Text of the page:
Another side of Santayana’s criticism of “egotism” — and another example of his commendable sanity — shows itself in his discussion in the last chapter of Character and Opinion of “English Liberty in America.” Just as idealism makes extravagant but unfulfillable claims about metaphysics, so in its understanding of freedom it ups the ante but lacks currency when the bet is called. What Santayana calls “English liberty” is “vague,” “reticent,” and involves “perpetual compromise.” It recognizes that “In the end adaptation to the world at large, where so much is hidden and unintelligible, is only possible piecemeal, by groping with a genuine indetermination in one’s aims.” “Absolute liberty,” by contrast — “a foolish challenge thrown by a new-born insect buzzing against the universe” — is reckless, unwavering, and dangerously impatient. The partisans of absolute liberty, Santayana writes, “summoned every man to become free in exactly their own fashion, or have his head cut off.”
As a quick summary of revolutionary ambition, that would be hard to improve upon. What Santayana saw with unusual clarity was that the actual practice of “English liberty” required a widely recognized commonality of interest. “In a hearty and sound democracy,” he notes, “all questions at issue must be minor matters; fundamentals must have been silently agreed upon and taken for granted when the democracy arose.” This is, Santayana saw, an unheroic view of freedom. But it was a stock that had the advantage of offering real dividends as distinct from speculative capital appreciation. English liberty “makes impossible the sort of liberty for which the Spartans died at Thermopylae, or the Christian martyrs in the arena, or the Protestant reformers at the stake.” But then, Santayana drily notes, while martyrs may be heroic, “unless they have the nature of things on their side and their cause can be victorious, their heroism is like that of criminals and madmen, interesting dramatically but morally detestable.”
And what of Santayana’s own view of freedom and the meaning of life? Santayana was a curious hybrid. In one way, he was every bit as radical a thinker as Schopenhauer (whom he greatly admired) or Nietzsche (whom he did not). Ultimately, though, he was the cheerful, affirmative figure that Nietzsche pretended to be but wasn’t. (No one, I think, ever accused Schopenhauer of being cheerful.) What Santayana described as his “scepticism” ran very deep indeed. “The truth is a terrible thing,” he has the vicar of Iffley say in The Last Puritan. “It is much darker, much sadder, much more ignoble, much more inhuman and ironical than most of us are willing to admit, or even able to suspect.”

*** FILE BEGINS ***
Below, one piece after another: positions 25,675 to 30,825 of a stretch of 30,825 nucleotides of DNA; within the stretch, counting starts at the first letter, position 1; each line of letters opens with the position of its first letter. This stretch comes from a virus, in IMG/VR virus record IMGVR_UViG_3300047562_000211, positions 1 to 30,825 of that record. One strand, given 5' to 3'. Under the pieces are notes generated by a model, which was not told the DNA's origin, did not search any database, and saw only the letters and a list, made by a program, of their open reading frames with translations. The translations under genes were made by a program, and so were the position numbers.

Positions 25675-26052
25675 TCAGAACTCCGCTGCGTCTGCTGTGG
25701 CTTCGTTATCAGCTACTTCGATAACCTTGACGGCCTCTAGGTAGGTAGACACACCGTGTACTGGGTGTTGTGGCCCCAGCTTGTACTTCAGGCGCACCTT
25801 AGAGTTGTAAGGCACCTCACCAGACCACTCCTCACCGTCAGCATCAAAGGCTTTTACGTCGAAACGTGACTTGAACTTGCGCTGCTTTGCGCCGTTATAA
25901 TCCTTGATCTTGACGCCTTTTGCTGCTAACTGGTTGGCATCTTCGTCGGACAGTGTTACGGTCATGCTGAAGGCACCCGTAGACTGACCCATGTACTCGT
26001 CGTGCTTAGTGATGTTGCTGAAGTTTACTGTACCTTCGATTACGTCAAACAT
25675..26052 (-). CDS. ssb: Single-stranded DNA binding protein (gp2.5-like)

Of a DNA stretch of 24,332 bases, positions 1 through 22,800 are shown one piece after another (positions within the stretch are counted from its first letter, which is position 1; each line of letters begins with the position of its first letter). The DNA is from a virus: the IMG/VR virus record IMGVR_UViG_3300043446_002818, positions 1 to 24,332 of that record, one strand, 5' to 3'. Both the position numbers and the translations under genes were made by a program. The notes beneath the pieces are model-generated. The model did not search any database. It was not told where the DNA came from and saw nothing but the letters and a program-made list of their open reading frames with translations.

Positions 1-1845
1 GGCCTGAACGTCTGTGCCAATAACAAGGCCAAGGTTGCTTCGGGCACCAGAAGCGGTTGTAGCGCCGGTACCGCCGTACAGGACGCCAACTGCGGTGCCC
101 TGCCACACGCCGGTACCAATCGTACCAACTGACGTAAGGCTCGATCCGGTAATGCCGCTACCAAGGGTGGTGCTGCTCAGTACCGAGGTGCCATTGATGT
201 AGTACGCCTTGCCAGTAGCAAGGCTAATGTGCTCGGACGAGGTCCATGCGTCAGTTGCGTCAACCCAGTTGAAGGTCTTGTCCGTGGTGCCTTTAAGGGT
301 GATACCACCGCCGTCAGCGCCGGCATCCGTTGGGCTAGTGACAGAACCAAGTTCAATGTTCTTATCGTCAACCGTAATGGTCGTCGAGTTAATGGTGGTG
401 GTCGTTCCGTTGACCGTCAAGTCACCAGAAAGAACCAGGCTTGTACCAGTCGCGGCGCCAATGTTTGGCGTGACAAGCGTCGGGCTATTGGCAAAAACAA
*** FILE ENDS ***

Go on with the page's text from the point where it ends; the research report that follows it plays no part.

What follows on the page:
That is just the sort of thing one might expect to find in Nietzsche (“Truth is ugly,” he declared in The Will to Power). But where Nietzsche engaged in unending histrionics (“God is dead,” Zarathustra, the übermensch), Santayana behaved like a gentleman. Nietzsche described himself as “the Antichrist,” said he was “dynamite,” and presumed to instruct us about “how to philosophize with a hammer.” Santayana was much calmer. He sought no detonations. He wished to smash no idols. He came much closer, in fact, to being the disabused spiritual aristocrat that Nietzsche admired but sweated too much to resemble. “Criticism,” Santayana said, “must first be invited to do its worst.”
But only for the indelicate, he thought, did thoroughgoing criticism lead to nihilism or madness. Out of scepticism came faith, but it was an animal faith, modest, grateful, thoroughly materialistic: disillusioned but also at peace.
There were two interrelated sources of Santayana’s calm. One was his aestheticism. Santayana strove to regard the entire world as a thing of beauty, which is to say a source of pleasure. (In his early book The Sense of Beauty he defined beauty as “pleasure objectified”: inadequate as a definition, no doubt, but useful as a barometer of temperament.) “I can draw no distinction,” he wrote in a mature summing-up, “ — save for academic programmes–between moral and aesthetic values: beauty being a good, is a moral good; and the practice and enjoyment of art, like all practice and all enjoyment, fall within the sphere of morals–at least if by morals we understand moral economy and not moral superstition.”